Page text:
The Next Step
The Next Step
Lowla has been my best friend for thirteen years, beginning the day we were both sent into time out during nap time, day one of kindergarten. I guess neither of us was too fond of sleeping when there was an overwhelming amount of toys and games to play with right there in the classroom. Then there are the girls who made my love for sports that much stronger. We had been playing for so long, by the time varsity sports came around, we could read each other’s next move in perfect togetherness, an excellent aspect of the game that even the best teams were not always fortunate enough to have. We had always said we would be state champions our senior year. School had brought us together, and sports would never let us grow apart. And then, there are the handful of boys in my grade who were like brothers to me. You would not believe how watching them through the awkward stages of puberty made them more like best friend material than boyfriend material. We were all together from the beginning, and we all expected to be that way throughout our years of schooling. We even planned on keeping in touch years after graduation.
High school came and everything was even better as we continued to grow closer. High school also brought other exciting changes like being the only freshman class to be genuinely accepted among the upperclassmen. We were also well-liked by the teachers, whose expectations were lowered seeing the grades before us were not hard acts to follow. My grade seemed to be different from the others above and below us. We were both athletic and smart, with baby Einstein’s and Michael Jordan Juniors. We had stuck it out together through our first school dances, middle school drama, and premature dating. And we were going to stick together through prom, more drama, and first loves, along with college applications and varsity sports. That is what I was expecting, what I had grown up looking forward to, and most importantly, what I was comfortable with. The last thing I ever wanted to do was leave the world I was most familiar and enter another world, one of which I knew very little about. I guess that is the curse of a small town school.
The summer after my sophomore year my parents came up with an interesting idea, brilliant to them and absolutely bizarre to me. Holy Name High School caught my father’s eye. ‘They have great academics and athletics over there,’ he would say, my mother nodding in agreement. ‘Button ups and khakis do not bode well with me,’ I would say bitterly. What were they thinking? If it was that I was about to change schools two years before I graduate, there wasn’t a chance. I could not bear to think about what I was leaving behind. I would have to start all over, meet new people, adapt to a whole new set of rules and worst of all, be trapped in the traditional attire of a Catholic school. One week before soccer tryouts, and two weeks before school started, I had lost the battle and was officially enrolled at Holy Name.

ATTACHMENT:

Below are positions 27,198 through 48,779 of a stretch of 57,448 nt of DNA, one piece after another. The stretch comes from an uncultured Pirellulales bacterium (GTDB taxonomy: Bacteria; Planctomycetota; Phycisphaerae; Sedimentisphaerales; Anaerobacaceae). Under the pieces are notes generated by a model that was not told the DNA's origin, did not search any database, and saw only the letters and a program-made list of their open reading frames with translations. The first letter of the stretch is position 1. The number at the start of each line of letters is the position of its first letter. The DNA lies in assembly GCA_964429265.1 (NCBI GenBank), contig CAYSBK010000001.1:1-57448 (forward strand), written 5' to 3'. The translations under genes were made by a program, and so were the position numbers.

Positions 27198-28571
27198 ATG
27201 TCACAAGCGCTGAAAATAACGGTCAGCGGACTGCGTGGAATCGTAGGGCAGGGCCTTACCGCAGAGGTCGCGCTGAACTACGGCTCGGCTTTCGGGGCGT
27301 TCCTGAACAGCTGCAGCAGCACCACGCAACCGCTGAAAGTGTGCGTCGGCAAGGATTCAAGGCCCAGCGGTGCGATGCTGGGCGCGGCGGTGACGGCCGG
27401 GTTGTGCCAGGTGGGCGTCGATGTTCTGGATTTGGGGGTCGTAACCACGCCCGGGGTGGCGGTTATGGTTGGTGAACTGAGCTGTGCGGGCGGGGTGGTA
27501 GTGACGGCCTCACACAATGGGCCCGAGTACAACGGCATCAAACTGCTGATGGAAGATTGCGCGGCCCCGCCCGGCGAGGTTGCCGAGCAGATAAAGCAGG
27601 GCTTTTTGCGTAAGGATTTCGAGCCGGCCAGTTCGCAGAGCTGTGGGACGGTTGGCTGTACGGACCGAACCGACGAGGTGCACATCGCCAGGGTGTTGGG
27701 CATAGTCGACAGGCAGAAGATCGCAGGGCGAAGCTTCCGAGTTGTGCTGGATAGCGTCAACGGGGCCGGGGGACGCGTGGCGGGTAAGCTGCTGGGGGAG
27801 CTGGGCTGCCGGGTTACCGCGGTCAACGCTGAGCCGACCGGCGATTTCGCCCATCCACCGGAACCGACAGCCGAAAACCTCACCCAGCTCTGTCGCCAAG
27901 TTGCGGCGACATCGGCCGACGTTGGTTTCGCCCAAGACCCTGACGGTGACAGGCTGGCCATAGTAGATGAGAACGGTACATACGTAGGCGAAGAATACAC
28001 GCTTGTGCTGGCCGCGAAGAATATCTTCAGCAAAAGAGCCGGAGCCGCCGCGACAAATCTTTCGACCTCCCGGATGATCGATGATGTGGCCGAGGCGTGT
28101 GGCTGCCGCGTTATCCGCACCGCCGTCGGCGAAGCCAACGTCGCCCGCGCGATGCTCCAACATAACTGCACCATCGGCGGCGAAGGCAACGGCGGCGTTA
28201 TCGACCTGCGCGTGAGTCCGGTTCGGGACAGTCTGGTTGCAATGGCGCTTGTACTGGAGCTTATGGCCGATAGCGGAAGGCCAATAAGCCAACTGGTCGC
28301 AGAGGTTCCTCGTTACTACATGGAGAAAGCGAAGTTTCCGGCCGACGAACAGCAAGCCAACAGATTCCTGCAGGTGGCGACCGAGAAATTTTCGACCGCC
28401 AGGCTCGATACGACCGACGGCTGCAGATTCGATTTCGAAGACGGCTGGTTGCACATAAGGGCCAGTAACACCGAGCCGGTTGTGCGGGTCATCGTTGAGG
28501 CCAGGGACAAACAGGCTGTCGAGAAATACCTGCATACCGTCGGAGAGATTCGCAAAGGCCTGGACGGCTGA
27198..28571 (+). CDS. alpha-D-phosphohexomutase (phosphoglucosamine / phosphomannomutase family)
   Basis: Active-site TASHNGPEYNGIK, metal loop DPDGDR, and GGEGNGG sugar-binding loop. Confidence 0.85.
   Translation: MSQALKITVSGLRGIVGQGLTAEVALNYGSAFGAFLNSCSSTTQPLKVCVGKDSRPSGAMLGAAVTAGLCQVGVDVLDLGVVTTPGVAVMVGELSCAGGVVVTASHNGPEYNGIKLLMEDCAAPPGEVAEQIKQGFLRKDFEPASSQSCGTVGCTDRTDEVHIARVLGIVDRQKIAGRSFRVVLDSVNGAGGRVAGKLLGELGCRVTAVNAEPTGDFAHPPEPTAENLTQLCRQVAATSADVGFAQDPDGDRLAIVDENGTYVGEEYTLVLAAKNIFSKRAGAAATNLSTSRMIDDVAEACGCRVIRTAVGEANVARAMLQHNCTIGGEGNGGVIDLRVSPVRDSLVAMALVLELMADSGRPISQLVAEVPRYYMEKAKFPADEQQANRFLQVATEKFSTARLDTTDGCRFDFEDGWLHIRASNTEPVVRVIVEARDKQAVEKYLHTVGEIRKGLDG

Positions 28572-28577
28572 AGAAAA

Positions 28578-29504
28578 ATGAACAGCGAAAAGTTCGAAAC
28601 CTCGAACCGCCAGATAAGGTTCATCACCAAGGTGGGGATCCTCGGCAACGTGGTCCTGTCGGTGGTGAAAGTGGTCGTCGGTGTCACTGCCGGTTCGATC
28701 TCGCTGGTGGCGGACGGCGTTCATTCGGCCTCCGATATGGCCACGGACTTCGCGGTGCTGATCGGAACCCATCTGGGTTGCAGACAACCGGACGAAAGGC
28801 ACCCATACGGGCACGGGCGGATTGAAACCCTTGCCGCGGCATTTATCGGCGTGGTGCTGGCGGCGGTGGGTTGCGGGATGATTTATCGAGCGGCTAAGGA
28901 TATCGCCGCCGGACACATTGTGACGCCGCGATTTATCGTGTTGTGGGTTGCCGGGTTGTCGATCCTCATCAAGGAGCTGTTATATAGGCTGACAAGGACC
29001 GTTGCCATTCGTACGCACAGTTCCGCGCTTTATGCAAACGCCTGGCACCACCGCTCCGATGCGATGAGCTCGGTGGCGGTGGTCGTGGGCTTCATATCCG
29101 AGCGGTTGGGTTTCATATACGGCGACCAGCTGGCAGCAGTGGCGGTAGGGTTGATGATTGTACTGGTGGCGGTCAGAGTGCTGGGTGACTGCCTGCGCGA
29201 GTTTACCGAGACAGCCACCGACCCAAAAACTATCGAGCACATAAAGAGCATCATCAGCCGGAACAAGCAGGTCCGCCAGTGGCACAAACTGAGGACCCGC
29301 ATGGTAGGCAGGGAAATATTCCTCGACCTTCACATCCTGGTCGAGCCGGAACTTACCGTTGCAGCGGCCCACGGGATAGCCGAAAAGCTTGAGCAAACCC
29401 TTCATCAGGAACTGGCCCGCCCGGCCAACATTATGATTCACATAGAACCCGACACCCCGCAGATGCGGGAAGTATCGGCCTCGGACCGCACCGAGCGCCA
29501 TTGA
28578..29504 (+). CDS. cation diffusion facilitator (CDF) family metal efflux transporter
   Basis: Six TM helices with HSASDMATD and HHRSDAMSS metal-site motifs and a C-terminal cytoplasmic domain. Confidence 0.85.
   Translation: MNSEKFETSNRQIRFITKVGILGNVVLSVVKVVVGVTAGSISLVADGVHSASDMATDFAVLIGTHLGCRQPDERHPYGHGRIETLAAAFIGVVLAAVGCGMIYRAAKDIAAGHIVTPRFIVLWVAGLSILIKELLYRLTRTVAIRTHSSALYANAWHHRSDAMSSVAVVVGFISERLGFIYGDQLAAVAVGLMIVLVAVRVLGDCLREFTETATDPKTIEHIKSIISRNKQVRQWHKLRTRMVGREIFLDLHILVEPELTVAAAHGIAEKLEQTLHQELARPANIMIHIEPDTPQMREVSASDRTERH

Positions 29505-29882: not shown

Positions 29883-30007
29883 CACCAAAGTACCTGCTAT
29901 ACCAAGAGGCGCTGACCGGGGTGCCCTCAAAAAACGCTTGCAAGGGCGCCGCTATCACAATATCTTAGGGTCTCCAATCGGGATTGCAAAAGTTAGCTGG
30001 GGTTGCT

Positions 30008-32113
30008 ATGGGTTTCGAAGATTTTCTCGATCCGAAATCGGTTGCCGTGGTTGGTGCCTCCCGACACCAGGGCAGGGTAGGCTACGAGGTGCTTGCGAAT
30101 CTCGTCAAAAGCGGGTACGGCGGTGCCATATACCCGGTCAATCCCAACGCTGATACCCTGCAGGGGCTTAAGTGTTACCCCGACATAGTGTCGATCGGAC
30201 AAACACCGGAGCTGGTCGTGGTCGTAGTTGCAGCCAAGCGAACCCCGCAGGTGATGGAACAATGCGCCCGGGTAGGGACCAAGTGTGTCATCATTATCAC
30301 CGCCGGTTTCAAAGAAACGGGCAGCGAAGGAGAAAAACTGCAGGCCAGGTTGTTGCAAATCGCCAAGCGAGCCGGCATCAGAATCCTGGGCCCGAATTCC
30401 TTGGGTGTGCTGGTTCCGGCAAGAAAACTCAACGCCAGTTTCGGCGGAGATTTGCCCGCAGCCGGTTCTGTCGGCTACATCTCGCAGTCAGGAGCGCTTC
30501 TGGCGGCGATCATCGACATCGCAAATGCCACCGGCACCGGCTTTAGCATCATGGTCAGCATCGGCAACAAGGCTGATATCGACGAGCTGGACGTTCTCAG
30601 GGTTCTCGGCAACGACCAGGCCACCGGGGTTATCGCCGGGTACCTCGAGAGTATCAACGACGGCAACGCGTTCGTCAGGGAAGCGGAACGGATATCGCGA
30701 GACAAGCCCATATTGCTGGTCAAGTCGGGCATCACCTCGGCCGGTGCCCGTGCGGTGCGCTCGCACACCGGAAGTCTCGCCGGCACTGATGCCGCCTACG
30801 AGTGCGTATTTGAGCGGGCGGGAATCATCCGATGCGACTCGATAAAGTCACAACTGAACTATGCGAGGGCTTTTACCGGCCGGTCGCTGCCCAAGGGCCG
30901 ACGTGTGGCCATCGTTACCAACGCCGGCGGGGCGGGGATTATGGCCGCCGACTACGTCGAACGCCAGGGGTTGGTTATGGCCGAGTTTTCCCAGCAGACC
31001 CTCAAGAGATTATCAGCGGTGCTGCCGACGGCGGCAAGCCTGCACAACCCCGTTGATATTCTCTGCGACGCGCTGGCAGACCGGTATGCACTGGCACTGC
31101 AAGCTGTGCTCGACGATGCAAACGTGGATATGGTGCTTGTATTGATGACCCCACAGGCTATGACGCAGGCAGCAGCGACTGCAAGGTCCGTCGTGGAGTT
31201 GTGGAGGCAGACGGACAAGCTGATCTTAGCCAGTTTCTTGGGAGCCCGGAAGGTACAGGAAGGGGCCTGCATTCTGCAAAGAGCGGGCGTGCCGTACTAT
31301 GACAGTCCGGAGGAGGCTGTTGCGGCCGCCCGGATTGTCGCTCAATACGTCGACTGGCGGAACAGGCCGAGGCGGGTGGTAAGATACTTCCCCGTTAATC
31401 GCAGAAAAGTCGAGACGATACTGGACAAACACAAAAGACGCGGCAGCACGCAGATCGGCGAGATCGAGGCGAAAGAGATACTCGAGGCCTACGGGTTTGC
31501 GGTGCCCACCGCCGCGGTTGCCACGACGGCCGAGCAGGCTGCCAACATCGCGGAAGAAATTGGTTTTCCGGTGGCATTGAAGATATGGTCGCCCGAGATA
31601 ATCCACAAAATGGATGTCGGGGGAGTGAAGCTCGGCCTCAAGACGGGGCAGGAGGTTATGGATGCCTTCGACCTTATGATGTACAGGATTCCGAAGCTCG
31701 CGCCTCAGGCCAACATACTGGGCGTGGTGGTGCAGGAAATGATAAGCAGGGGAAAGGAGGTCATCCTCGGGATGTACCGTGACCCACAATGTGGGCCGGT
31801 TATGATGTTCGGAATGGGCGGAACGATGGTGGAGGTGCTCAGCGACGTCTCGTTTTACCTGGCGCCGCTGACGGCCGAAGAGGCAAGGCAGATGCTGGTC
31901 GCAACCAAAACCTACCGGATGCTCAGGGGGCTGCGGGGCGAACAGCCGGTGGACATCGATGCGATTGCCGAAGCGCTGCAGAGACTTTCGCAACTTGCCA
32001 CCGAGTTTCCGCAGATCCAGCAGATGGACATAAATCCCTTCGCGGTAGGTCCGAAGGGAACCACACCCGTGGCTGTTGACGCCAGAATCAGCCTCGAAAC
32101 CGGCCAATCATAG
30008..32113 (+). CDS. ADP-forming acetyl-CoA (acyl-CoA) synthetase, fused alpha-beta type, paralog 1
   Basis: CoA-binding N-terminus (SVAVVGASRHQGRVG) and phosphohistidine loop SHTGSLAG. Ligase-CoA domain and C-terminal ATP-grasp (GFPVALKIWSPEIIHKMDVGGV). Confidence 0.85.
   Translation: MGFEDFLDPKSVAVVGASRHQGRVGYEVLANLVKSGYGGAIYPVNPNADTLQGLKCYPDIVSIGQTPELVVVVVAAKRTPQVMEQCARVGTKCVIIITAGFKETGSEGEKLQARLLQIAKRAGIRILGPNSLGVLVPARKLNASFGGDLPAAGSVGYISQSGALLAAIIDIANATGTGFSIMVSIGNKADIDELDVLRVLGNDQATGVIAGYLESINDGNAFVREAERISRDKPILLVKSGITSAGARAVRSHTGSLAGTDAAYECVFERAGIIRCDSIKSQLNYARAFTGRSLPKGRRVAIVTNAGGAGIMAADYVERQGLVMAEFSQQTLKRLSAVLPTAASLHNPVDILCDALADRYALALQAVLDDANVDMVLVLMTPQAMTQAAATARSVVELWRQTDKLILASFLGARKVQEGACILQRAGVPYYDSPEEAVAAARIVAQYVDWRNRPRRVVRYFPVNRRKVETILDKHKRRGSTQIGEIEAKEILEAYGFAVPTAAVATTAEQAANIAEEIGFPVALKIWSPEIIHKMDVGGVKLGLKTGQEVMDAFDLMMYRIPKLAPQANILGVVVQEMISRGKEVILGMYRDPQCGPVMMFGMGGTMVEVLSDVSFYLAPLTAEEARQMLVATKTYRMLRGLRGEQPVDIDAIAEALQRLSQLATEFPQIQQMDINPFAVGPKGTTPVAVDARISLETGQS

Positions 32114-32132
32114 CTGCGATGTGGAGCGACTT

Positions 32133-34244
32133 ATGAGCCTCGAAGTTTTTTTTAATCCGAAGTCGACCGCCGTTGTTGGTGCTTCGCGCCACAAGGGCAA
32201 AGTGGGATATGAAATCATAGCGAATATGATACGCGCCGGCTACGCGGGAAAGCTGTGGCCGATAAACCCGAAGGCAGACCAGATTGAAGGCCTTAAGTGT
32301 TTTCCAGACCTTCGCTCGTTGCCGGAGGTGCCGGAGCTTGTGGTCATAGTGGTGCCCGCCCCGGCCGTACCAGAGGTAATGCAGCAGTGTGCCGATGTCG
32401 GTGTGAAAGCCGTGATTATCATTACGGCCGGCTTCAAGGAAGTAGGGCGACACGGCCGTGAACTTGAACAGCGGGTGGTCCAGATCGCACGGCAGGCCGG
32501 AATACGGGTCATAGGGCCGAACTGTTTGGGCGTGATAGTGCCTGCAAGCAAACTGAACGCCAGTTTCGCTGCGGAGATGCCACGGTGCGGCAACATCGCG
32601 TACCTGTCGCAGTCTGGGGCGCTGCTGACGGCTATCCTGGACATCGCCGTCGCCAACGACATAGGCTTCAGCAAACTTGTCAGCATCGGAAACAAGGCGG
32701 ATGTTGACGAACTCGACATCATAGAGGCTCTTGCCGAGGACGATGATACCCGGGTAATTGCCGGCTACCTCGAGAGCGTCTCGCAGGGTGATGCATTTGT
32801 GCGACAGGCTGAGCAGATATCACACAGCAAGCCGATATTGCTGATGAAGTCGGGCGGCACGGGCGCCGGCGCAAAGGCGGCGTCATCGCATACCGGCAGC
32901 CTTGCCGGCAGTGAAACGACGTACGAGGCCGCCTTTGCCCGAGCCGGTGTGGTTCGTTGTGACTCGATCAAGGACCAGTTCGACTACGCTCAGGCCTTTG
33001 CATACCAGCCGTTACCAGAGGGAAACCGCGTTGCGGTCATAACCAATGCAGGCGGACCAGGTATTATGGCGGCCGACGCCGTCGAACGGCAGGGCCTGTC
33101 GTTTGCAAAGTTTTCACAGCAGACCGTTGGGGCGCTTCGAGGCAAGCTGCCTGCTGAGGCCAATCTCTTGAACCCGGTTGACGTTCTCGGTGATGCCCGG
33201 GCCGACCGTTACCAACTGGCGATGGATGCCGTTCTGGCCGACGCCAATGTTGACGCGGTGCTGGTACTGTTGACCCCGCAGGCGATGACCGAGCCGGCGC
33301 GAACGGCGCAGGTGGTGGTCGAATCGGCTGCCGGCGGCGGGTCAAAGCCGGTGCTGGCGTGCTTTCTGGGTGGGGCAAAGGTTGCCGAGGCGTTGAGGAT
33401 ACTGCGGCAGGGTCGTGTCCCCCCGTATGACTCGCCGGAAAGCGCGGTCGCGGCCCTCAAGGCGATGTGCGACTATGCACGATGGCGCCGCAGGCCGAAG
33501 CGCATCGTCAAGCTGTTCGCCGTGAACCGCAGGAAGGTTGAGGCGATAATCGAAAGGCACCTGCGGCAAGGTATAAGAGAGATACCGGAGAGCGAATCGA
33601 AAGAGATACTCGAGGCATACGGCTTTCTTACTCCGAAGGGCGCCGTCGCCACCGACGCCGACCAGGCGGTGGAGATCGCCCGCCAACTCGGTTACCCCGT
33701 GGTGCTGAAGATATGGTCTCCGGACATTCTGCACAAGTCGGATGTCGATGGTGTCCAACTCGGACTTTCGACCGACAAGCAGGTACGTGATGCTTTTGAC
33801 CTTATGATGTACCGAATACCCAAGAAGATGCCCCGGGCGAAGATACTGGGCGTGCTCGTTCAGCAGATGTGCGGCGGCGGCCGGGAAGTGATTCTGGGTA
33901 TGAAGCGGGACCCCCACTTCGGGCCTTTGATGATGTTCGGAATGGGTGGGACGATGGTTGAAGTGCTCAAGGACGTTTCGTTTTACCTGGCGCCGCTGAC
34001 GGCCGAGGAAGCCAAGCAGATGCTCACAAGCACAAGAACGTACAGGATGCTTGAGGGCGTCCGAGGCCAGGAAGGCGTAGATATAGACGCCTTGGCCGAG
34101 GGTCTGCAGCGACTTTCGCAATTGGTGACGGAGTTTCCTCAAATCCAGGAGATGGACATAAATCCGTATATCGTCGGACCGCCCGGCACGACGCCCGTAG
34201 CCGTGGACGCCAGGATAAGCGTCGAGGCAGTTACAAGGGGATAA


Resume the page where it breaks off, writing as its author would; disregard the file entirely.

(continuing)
The sun may have been shining on August 27, 2007, but it was a dark, gloomy day in my mind. My father and I sat together in silence as a few uncontrollable tears rolled down my cheek. But there was no time for tears. As we pulled up to the school on the hill, anxiety hit me. This first day would be unlike any other. In the past they were full of cute, new first day outfits, ‘I missed you so much over the summer’ hugs, and groans because there were 179 days left until the next summer. I do not think I have ever talked as little as I did on my first day at Holy Name High.
Not only was I sad and angry that day, but I was expecting to eat lunch, alone, in one of the girls’ locker room stalls, like I had seen in the movies. Luckily, this was not the case. Yes, things were different from Sutton High, but soon enough I figured out the transition to a new school was not the end of the world like I thought it would be. Surprisingly, there was homework and drama, jocks, and computer geeks, music lovers, dances and pep rallies, just as my last school had. In all reality, high school is simply high school, no matter where you are.
As I am coming up to the middle of my senior year, looking back, I realize that if changing schools is one of the only hardships I have to overcome, then I have been a very lucky girl so far. I am no longer as close to the girls and boys at my old school as I once was, but others have taken their place. My bond with Lowla has grown even stronger, and we see each other more, now that we are apart. We do not get put in time outs anymore, but have managed to get ourselves in and out of trouble many times through our years together. New people and places come and go, but I have learned that overcoming adversities, no matter how big or small, teach valuable life lessons, preparing me for whatever life may throw at me next.
Now as college approaches, I will be more prepared to make the transition from school to school. I am not, however, expecting this transition to be as easy as the last turned out to be, for college is so different from high school. This experience has turned out to be a positive one, and I am beyond excited for the next step. I have realized I am strong enough to overcome any issue I may face, for the years ahead. No matter where I end up going, I look forward to my future, with no doubt in my mind that anything is possible. It is no longer a question of ‘can I,’ but a statement of ‘I can.’